MEMBERS of heritage railways are due to meet with Senedd Members to discuss the threat to their future from moves to end coal mining. 

The railways operate steam trains that are dependent on coal to power the engines while they have also been hit by rising disel prices.

However both the UK and Welsh governments are committed to no longer extracting coal from the ground and the last Welsh supplier, the Ffos-y-Fran opencast site in Merthyr Tydfil, is due to close this year. 

It has been supplying bituminous coal to Welsh Heritage Railways, which among others includ Railway, Welsh Highland Railway and Bala Lake Light Railway and attracts over 1.2 million visitors each year. 

The war in Ukraine has also placed further pressures on the sector with Russia having been a significant supplier of coal.

In March the Llangollen Railway said it would stop buying Russian coal to power its steam engines and would have to revise its spring timetables due to supply issues.

Tuesday’s meeting at the Senedd has been organised by Dwyfor Meirionnydd MS, Mabon ap Gwynfor, and is described as a chance for representatives of Heritage Railways across Wales to explain to members the difficulties they are facing. 

The Plaid Cymru member said: “All of us, including this sector, wish to see more done to tackle the climate emergency and burn less fossil fuels. However steam engines run on steam coal. 

“If we wish to see this sector continue in the future, and we wish to celebrate our great Welsh heritage, we must make suitable low-emissions bituminous lump coal available to Heritage Railways.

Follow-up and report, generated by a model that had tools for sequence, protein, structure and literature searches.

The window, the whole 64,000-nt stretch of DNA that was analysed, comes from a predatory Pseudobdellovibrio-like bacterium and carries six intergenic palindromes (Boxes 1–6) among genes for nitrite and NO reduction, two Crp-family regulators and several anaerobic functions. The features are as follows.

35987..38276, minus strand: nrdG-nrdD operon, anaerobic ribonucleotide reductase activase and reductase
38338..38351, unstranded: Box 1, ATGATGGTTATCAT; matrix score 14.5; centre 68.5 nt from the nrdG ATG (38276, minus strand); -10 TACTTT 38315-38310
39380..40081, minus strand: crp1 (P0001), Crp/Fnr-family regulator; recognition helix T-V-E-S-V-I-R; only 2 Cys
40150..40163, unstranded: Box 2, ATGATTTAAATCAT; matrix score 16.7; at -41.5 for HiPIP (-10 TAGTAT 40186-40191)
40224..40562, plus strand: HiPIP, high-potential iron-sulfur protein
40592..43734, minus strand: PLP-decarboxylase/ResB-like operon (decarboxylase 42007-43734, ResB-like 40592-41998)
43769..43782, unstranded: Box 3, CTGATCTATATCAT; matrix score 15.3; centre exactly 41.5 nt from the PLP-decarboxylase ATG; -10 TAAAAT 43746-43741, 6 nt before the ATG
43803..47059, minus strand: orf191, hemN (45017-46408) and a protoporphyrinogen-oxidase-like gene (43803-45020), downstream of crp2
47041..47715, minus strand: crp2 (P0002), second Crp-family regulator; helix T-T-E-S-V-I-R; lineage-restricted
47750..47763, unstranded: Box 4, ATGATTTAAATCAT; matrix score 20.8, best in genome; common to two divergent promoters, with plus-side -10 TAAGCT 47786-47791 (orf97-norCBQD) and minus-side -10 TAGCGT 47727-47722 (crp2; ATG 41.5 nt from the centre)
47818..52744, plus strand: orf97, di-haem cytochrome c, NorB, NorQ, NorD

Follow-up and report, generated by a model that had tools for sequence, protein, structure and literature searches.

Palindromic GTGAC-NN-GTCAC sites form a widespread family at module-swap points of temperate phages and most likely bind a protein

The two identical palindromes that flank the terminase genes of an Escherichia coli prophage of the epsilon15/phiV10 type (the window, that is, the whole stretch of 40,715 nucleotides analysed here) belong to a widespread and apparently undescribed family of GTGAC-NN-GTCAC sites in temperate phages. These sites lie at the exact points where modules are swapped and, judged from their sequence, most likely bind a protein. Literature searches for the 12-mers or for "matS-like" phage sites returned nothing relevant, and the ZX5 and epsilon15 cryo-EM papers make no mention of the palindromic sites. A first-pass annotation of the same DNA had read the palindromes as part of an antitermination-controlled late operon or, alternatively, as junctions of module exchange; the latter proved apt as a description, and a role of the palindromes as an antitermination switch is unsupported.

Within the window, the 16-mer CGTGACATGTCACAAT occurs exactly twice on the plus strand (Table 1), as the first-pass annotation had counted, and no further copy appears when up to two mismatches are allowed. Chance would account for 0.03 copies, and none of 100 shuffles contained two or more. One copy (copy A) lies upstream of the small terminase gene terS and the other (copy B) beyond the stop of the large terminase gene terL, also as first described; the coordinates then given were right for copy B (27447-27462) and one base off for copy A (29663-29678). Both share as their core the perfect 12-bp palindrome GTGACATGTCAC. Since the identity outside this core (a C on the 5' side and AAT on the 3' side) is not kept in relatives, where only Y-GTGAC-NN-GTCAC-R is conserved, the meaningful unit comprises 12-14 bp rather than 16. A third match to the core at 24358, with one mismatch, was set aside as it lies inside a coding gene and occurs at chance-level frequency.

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“Every other sector and mode of transport has a transitional period in order for society to transition from fossil fuel to a more renewable source of fuel. But this isn’t the case with the Heritage Rail sector.  

“They’ve not had an opportunity to properly develop an alternative source of fuel suitable for their steam engines, and things have been made more difficult due to Russia’s war against Ukraine.” 

In March first minister Mark Drakeford told the House of Commons Welsh Affairs commitee he was aware of issues around coal supply for heritage railways and said he wanted to "find a solution" that doesn't "undermine" the policy presumption against continued coal mining in Wales.

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